I missed most of the kefuffle over the proposed Best Saga Hugo this weekend as I was busy being an apprentice SMOF having volunteered to help revitalise Holland’s oldest sff fan organisation. What happened was basically that a group of fans, inspired by Eric Flint’s thoughts on expanding the Hugos, proposed adding a Best Saga category for multiple volume books/series as well as eliminate the novelette category. People objected strongly to the second part and were somewhat skeptical of the first and the proposers reacted by amending their proposal to omit the axing of novelettes. All in all a great example of how fandom is supposed to work: debated out in the open, with people listening to justified, constructive criticism and acting on it.
The best criticism I read of the original proposal, though unfortunately published after it had already changed and slightly misaimed, was in N. K. Jemisin’s open letter to the WSFS about unintended consequences:
the novelette category has until lately been a good entry point for new and underrepresented writers to gain recognition. Why? For all the reasons “sagas” privileges established successful white guys, basically: short fiction must rely (usually) on quality rather than preexisting financial success to prove itself; it requires a much lower investment of free time to write; and short fiction in general is less about comfort food than challenging the reader with new ideas and perspectives. The competition is actually more fierce for short fiction than it would be for sagas; there are more markets willing to publish novelettes than there are publishers willing to grind out multiparters, and the short fiction markets pump out multiple stories, multiple times per year. It’s just that fewer of the barriers that make it hard for non-white non-men to compete exist here. Women, people of color, and other underrepresented groups usually do pretty well when they’re working with a level playing field.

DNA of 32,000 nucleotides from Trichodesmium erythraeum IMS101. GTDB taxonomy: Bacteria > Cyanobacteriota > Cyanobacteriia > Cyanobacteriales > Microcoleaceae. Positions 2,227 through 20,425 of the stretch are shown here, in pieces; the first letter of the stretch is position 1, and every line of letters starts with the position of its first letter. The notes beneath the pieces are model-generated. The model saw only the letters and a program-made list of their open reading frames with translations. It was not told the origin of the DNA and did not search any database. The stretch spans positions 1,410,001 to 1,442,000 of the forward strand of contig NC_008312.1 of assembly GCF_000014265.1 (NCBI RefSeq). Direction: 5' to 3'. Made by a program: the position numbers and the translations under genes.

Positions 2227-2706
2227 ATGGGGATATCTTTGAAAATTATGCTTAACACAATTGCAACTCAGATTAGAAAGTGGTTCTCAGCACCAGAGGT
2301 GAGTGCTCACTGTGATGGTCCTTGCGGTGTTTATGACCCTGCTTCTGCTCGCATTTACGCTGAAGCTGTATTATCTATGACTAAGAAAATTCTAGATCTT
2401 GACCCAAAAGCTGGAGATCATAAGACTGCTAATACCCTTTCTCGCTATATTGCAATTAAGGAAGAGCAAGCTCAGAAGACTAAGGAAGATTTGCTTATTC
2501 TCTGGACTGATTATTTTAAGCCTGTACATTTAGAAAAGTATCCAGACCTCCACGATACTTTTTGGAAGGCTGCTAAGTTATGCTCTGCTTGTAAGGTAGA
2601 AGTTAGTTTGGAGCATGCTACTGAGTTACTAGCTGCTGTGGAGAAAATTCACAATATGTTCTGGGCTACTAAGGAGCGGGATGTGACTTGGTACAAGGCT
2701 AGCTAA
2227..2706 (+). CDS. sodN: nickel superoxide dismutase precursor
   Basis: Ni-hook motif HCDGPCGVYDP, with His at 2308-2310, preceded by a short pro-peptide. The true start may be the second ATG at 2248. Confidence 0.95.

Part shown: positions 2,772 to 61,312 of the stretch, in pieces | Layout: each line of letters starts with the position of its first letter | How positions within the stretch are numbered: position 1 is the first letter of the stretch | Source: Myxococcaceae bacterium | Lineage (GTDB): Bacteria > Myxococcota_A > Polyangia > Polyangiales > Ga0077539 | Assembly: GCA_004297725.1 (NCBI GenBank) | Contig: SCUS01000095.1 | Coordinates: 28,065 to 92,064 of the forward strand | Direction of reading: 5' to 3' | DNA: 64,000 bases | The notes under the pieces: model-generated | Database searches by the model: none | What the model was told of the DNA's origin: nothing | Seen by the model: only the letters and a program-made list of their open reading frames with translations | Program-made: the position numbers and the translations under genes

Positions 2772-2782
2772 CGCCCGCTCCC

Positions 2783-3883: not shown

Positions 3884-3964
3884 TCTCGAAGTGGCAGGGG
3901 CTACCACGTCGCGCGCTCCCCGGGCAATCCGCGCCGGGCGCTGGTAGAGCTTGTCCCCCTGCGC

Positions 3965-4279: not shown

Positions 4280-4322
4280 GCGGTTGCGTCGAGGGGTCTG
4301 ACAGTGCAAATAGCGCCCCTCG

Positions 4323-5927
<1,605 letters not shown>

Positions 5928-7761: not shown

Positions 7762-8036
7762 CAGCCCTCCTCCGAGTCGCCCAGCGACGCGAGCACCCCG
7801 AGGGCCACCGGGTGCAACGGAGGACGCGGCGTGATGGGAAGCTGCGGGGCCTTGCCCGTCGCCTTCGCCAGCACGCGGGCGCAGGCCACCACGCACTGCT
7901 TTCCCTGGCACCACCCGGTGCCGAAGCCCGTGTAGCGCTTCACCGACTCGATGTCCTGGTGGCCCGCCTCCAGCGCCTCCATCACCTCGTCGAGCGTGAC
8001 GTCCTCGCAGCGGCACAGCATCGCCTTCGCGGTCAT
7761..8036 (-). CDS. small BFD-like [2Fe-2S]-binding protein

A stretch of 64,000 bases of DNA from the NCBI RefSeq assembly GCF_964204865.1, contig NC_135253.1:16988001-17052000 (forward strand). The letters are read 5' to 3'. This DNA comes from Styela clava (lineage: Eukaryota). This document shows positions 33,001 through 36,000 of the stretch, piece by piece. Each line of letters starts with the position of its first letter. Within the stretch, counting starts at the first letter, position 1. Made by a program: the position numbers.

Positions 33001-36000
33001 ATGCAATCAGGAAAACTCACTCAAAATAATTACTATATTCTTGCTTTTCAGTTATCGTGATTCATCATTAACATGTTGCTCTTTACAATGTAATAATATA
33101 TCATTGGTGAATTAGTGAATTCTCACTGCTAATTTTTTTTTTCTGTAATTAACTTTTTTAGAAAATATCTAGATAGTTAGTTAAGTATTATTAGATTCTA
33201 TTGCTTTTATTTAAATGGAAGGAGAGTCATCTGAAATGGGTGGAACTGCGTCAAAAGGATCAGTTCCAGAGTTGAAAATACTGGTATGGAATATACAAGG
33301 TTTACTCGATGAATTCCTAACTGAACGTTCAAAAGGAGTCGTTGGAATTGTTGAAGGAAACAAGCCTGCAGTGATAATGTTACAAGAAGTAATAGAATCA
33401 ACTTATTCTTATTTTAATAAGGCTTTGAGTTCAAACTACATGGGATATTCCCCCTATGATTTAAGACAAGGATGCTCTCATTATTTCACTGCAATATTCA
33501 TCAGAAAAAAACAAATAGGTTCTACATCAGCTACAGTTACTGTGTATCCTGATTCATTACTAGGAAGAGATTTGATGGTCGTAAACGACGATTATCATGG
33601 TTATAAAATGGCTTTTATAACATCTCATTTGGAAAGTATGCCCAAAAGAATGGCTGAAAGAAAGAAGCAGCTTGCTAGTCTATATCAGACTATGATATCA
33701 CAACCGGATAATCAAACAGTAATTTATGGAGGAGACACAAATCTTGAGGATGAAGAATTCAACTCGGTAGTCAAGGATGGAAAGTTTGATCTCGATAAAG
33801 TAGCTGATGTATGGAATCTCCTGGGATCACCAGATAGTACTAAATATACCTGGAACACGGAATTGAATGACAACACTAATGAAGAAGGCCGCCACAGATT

Which got me thinking about privilege in fandom generally and the WSFS in particular, in the way its decision making processes are set up. As you know Bob, there’s always been this tension about Worldcon and the Hugos especially of having this ideal of being representative of all of fandom and the reality that only those that have and spent the money, time and effort to get involved in Worldcon, either supporting or attending get to vote. For the Hugos itself this is relatively straightforward and with a fairly low barrier to entry: forty bucks gets you voting rights plus the Voting Packet.
Where it gets awkward is with the site selection process for future Worldcons. You have pay a site selection fee (which also doubles as a supporting membership for whichever con wins) and you have to sent in a paper ballot, rather than being able to vote online. That’s somewhat of a disadvantage for lazy slobs like me.
Far worse is the business meeting. Any member can make proposals, but to defend and vote on them you have to attend Worldcon. And since any proposal needs to be affirmed by the next con as well, you have to do this at least twice. Which is rather a huge barrier to entry, overcome only by those with the time and money to spent two years or longer on it, or of course those who are so deeply involved with Worldcon that this isn’t a huge sacrifice for them.
And I don’t want to knock those people, nor Worldcon. There are good reasons why the current Worldcon structure was set up and these barriers just an unfortunate side effect, not as far as I know a deliberate attempt to exclude people. But the effect is the same and it does make it harder for those without the means to chase Worldcon each year to get involved.